Experiments in Democracy

Years ago, probably in civics class, I was taught that the old Greeks (actually the old Athenians) developed democracy.  As I grew older, and read more, I realized that the Athenians didn’t so much develop democracy as they looked for a better form of government than the empires around them – Egypt, the Hittites, Mesopotamia, Babylon, Persia, etc. had.  Since those neighbors seemed to be ruled by god-kings, plunging into democracy seemed like a good idea.

Now the Athenians didn’t just look at elections – around 508 BC, they decided to turn over all of their governmental functions to one man – a guy by the name of Cleisthenes.  Cleisthenes set up what seems to be experiments in democracy.  He established the council of 500 – a group which became the main legislative body of the state.  Here’s the kick – the members of the council of 500 weren’t elected to the office.  Instead, they were selected, kind of like back when we had the draft lottery, or like we get with jury duty, but back then they hadn’t developed many ways to dodge the draft, or to get out of jury duty.

Instead of an elective, representative democracy, Cleisthenes set up an actual democracy – the random selection process gave every citizen an equal chance to serve on the council.  The way it worked out, every Athenian was likely to serve twice on the council of 500 in his lifetime (remember, women weren’t citizens in Athens – the pronoun is correct).

Still Cleisthenes did include an election – it was just a bit of a different sort of an election.  Once a year, Athenians voted for the man they wanted out of the city.  If more than 6,000 votes were cast, the “winner” would be exiled from Athens for the next 10 years – if he came back to town before ten years, he was to be executed.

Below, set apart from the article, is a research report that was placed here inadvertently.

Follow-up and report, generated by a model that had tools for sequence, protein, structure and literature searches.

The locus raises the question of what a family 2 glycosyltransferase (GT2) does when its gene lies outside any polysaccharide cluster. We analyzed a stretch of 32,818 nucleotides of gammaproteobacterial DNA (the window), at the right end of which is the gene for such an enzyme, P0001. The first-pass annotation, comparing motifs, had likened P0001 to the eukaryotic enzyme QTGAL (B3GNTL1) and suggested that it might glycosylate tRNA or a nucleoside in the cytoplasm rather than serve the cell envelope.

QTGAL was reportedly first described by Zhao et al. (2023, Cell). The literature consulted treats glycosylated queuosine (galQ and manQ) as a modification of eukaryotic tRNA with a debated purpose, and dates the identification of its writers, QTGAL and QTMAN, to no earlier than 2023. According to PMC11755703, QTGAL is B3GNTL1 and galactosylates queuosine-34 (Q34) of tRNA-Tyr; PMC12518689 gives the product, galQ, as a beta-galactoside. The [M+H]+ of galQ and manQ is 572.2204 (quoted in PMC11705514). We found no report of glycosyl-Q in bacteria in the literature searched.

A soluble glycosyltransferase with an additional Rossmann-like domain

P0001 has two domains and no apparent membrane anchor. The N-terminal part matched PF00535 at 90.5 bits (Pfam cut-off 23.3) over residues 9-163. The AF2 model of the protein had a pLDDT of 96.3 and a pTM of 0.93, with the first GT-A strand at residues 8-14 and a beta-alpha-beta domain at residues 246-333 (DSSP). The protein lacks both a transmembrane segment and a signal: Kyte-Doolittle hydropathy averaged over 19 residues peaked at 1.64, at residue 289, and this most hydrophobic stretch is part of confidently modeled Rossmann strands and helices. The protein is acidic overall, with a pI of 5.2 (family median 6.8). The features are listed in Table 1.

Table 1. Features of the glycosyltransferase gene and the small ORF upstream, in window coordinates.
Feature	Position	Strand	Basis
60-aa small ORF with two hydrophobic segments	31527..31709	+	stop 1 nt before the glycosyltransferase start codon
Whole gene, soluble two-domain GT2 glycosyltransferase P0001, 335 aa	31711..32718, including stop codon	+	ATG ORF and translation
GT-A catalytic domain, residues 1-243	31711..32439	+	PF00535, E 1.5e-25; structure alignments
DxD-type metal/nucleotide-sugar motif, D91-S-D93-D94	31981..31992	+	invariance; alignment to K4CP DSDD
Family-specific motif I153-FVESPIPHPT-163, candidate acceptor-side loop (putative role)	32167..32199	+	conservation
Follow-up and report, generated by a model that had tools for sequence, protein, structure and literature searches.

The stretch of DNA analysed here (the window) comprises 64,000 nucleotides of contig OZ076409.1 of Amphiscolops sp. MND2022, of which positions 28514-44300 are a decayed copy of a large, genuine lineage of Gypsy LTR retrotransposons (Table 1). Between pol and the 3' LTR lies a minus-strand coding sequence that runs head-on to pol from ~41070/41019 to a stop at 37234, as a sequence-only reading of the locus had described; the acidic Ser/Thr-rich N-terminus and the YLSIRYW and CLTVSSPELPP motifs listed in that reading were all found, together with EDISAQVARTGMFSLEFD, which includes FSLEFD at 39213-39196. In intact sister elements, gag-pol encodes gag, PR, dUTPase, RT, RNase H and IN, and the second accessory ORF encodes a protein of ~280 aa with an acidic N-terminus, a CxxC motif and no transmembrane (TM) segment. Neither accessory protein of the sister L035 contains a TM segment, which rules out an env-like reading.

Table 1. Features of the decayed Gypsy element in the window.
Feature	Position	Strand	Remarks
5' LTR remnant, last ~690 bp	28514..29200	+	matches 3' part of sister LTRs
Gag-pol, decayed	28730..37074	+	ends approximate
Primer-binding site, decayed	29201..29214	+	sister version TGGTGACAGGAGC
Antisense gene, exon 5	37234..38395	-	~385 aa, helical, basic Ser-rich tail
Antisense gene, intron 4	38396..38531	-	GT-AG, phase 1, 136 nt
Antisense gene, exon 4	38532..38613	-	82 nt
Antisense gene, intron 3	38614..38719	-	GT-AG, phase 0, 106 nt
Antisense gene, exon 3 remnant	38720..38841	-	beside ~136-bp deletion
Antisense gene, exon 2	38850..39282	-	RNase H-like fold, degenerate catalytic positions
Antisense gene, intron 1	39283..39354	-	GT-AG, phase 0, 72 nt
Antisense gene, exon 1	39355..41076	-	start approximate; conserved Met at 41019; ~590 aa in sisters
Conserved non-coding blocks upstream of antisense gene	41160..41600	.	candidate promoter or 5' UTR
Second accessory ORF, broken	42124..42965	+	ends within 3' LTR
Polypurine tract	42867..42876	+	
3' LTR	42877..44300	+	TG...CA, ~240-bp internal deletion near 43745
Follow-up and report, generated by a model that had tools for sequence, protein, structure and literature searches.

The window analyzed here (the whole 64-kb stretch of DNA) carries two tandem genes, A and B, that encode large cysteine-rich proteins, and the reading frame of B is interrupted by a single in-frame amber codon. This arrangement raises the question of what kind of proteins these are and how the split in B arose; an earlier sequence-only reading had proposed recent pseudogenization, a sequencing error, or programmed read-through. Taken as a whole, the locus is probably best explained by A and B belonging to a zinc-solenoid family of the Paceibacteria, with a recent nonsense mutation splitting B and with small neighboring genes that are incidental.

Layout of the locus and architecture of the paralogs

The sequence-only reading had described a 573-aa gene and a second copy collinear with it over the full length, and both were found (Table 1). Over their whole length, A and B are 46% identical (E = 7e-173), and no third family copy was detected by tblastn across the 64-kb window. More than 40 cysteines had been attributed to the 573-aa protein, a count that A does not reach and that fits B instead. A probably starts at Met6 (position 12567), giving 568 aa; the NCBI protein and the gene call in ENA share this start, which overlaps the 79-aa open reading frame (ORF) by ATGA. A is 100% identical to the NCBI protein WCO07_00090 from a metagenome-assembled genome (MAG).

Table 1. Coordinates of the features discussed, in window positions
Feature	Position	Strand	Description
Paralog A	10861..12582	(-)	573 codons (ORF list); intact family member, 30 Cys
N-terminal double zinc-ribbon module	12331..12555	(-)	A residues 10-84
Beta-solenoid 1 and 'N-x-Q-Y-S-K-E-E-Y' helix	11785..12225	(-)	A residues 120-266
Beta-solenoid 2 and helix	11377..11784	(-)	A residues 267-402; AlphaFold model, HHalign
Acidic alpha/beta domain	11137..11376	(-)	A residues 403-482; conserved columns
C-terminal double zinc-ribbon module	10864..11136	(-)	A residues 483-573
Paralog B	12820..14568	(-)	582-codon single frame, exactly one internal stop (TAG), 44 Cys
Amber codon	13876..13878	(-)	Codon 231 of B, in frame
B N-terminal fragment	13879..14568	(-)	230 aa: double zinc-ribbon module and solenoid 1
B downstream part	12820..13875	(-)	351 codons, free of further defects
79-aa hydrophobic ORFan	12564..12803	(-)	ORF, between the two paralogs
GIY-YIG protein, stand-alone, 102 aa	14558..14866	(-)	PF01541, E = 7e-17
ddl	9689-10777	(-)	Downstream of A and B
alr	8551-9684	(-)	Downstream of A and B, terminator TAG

This election, called an ostracism, had each vote cast on a broken piece of pottery called an ostrakon.   Since, at the end of the election, all of the ostrakons were gathered up and dumped in a hole, we have pretty good evidence that the ballots were stuffed and the elections were rigged, even in those early days of democracy.

So I got to thinking – our technology allows us to handle this without even needing to break any pots.  Real Clear Politics has worked it all out for us – though this only lists eight politicians, we can easily see that Nancy Pelosi and Mitt Romney still merit inclusion on the list.

Favorability Ratings: U.S. Political Leaders

Joe Biden41.551.7-10.2
Donald Trump38.055.1-17.1
Ron DeSantis43.838.6+5.2
Kamala Harris39.051.0-12.0
Kevin McCarthy24.738.7-14.0
Hakeem Jeffries25.524.8+0.7
Chuck Schumer26.839.2-12.4
Mitch McConnell20.252.0-31.8

So, just glancing at the unfavorable column, on the first year, Donald Trump would win ten years of ostracism.  The second year, Mitch McConnell.  On year 3, Joe Biden would get his ten years of ostracism.  Then Kamala Harris would get her ten years out of the country. 

I can see how the founding fathers missed putting this into the constitution – getting the data together took a lot of time back then.  But I suspect politics was every bit as divisive – I’ve read about Adams and Jefferson. 

Cleisthenes’ Council of 500 just might be applicable to the US – draw 435 names at random to serve in the house, 101 in the senate (the vice-president chairs it) and send 536 unwilling draftees to Washington DC to run the government for the next year.  Since the statistical likelihood of even one serving 2 years back to back approaches zero, we just build a dormitory for each drafted legislator, and pay each at the median US salary.

After all – democracy is an attempt at achieving better government – and shear randomness may work a lot better than raising funds for elections . . . and then, if we’re going to have election chicanery anyway, we might just as well save our elections for ostracizing unpopular politicians.

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